The Green Bay Packers’ fresh start began with a bright white coat of paint in the hallways outside the locker room, and a new seating chart and a full-sized basketball hoop in the team meeting room. After back-to-back losing seasons cost longtime head coach Mike McCarthy his job, Matt LaFleur wants to make things shiny, new and fun again around Lambeau Field.
“We’re pretty fortunate to do what we do. Who doesn’t want to have fun when they go to work?” LaFleur says. “It does not need to be an uptight environment. We can certainly come in, get our work done and have a ball doing it. I just think that you get more out of people when they enjoy what they do.”
The Packers clearly needed a change after McCarthy was fired with four games left in his 13th season as head coach, and the 39-year-old LaFleur believes altering the vibe in the building is as much a part of the new beginning as changing the offensive playbook.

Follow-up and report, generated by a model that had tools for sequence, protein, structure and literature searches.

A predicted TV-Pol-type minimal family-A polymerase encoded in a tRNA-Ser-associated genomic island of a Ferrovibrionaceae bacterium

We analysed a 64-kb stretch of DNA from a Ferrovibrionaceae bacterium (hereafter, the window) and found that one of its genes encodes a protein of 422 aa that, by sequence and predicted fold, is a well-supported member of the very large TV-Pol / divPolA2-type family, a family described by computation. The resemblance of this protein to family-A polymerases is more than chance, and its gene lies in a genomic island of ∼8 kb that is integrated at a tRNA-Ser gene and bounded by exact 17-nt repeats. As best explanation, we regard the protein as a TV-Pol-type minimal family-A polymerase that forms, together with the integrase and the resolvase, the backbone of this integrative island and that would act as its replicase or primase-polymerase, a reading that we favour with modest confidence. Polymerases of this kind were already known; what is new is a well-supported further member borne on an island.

He’s also making sure that the storied Packers franchise isn’t living in the past. So while acknowledging the team’s rich history, he doesn’t want the focus to be on the greats of yesteryear. Thus, among the remodeling, he’s added large murals featuring current players such as quarterback Aaron Rodgers, star wide receiver Davante Adams and running back Aaron Jones. “I wanted to make it about these guys, and when you come to the Green Bay Packers, obviously you respect the tradition, the history, but for us, and this football team, it’s about making history,” LaFleur says. “We’ll always pay respect to what’s been done here in the past, but for us, it’s about moving forward. And the expectation level is always going to be great in this organization.”